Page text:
As a lifelong New York Mets fan, Nelson Rodriguez has long known the story of Omar Minaya, the team’s former general manager.
Minaya’s first chance at running a team had come with the Montreal Expos after the franchise was taken over by Major League Baseball. Minaya’s job was to put the team down as gently and painlessly as possible while the league searched for new owners and a new home for the franchise.
Rodriguez inherited a similar role in the winter of 2014, when Major League Soccer put him in charge of Chivas USA less than a week after the league had taken over the team. The difference between the two scenarios was that while everyone knew the Expos’ days in Montreal were numbered, MLS said little about its plans for Chivas.
Even Rodriguez wasn’t fully aware of what his job was and that made it all the more difficult.
“The rumors start swirling that you’re actually on Death Row and you’re about to be euthanized,” Rodriguez said from behind the desk of his neat office at Toyota Park, where he serves as president and general manager of the Chicago Fire. “Every day it was a revolving door of people coming into the office saying, ‘Come on, tell me the truth. Are we going away? Can you help me get a job?’ That was a challenge.”
But it was one Rodriguez handled with decency and class, paving the way for the league to fold the team and allow the Los Angeles Football Club to join MLS in its place.
“It could have been a more difficult separation. And it wasn’t,” MLS Commissioner Don Garber said. “I’m thankful for that. Because that set the stage for my first conversations that ultimately led to this incredible [LAFC] ownership group.”
Many in LAFC’s front office push back on that link insisting, correctly, that theirs is an expansion franchise, one with no connection to the dysfunctional Chivas USA.
“We got nothing from Chivas,” President Tom Penn said. “Not even soccer balls.”
But LAFC did assume the team’s spot as Southern California’s second MLS franchise after the Galaxy. And if Chivas had burned the bridges behind it on its way to dissolution, the efforts of both LAFC and the league to bring another team to town could have faced both fan and political opposition.
Rodriguez made sure that didn’t happen. As a result, many former Chivas supporters have lined up with LAFC while Mayor Eric Garcetti, the City Council and County Board of Supervisors united behind construction of a soccer-specific stadium in Exposition Park, a project that was finished ahead of schedule and on budget.
On Sunday, LAFC will play its inaugural game in Banc of California Stadium, the first open professional sports venue built in the city of Los Angeles since Dodger Stadium in 1962. Yet Rodriguez isn’t sure he’ll be watching.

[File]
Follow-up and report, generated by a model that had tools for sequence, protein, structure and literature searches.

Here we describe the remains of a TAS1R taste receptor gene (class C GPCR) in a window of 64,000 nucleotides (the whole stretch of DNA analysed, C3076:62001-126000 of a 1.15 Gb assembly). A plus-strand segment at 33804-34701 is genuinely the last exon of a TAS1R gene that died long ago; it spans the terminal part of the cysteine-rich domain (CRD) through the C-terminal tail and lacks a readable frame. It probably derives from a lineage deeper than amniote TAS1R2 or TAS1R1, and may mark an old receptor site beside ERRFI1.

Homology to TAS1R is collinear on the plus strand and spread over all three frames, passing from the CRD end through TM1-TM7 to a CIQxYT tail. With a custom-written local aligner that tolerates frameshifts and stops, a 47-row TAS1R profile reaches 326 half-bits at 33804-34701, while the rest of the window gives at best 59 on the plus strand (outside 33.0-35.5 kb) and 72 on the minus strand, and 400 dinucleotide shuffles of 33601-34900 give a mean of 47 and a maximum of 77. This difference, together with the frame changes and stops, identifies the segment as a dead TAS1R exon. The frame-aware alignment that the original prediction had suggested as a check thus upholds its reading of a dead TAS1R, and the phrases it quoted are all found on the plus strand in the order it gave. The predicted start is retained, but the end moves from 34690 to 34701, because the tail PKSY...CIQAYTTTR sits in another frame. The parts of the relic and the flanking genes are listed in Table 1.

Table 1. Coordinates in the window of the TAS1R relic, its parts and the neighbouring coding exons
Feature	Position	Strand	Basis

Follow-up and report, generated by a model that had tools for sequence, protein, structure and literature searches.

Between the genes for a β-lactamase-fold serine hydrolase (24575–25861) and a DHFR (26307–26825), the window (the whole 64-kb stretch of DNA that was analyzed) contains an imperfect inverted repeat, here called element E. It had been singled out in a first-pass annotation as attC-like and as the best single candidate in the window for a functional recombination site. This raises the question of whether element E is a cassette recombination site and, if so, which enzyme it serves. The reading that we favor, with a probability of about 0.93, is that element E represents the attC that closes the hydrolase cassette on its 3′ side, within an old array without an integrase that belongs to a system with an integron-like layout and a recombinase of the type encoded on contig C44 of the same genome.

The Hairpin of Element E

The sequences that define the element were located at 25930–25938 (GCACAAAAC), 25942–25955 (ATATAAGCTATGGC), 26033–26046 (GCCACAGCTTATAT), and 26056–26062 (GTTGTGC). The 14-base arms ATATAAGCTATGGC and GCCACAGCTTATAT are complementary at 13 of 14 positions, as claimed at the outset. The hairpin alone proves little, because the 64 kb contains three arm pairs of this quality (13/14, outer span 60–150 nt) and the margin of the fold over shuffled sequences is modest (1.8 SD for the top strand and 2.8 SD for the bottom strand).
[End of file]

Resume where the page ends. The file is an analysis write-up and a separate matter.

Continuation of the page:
“They deserve all the credit,” he said of LAFC’s sprawling ownership group, headed by Penn and Hollywood mogul Peter Guber. “They’ve set out on a world-class mission. They’ve backed that with their investment, so it’s not just intent but it’s action. Every piece they’ve added shares the way they want to see that narrative written and consumed.”
Others, however, insist that narrative remains heavily influenced by Chivas USA. Goalkeeper Dan Kennedy, who set records for most games and most minutes played for the failed franchise, says strong ties still exist in the coaching staff and the fan base.
“The story that is being told at LAFC right now is aligning closely with Chivas,” he said. “Think about who they hired as their first coach, Bob Bradley. Bob’s work at Chivas was tremendous.”
In his only season with Chivas, Bradley led the franchise to its first winning season and first playoff berth before leaving to take over the U.S. national team.
The fans, Kennedy continued, “were stand-up people… through some of the most challenging times a fan can face.” With LAFC those holdovers, from supporter groups such as the Black Army 1850 and the Union Ultras, found the club reaching out to them.
“I see a refreshed pop-up of the support and the momentum that they never had at Chivas,” said Kennedy, who now works in the Galaxy front office. “There’s something rewarding about that just because I truly know what they’ve been through.”
As for what the players went through that final season, Kennedy said the worst part was not knowing.
“It was evident that change was coming,” he said. “We all tried, collectively, to act as if we had plenty to play for. None of us knew how it was going to shake out.
“It was just about trying to put the right foot forward. You’re only as good as your last game.”
Chivas USA’s last game was a 1-0 victory over the San Jose Earthquakes, one played before an announced crowd of 5,571. But there were far fewer actually on hand at StubHub Center to see Kennedy post his sixth shutout of the year, ending the team’s fifth straight losing season.
The next morning Rodriguez gathered everyone in a conference room to tell them the team was being disbanded. Despite the whispers, the news was a shock.
“We were moving forward until the final day with preparation as if there was next year,” remembered Cristina Maillo Belda, the team’s last director of communications.
Still, she responded by leaving the room to call reporters and schedule interviews with players and staff. She then stayed on the job — a job that no longer existed — for another two months archiving press materials.
“Kudos to Nelson for that,” said Maillo Belda, now a public relations manager for Adidas. “He was the most outstanding leader I worked for. That was the reason why, even after we knew there was no team, the right thing to do was keeping going and making sure that we put it to rest in a decent way.”
For that, LAFC owes Rodriguez some kudos as well.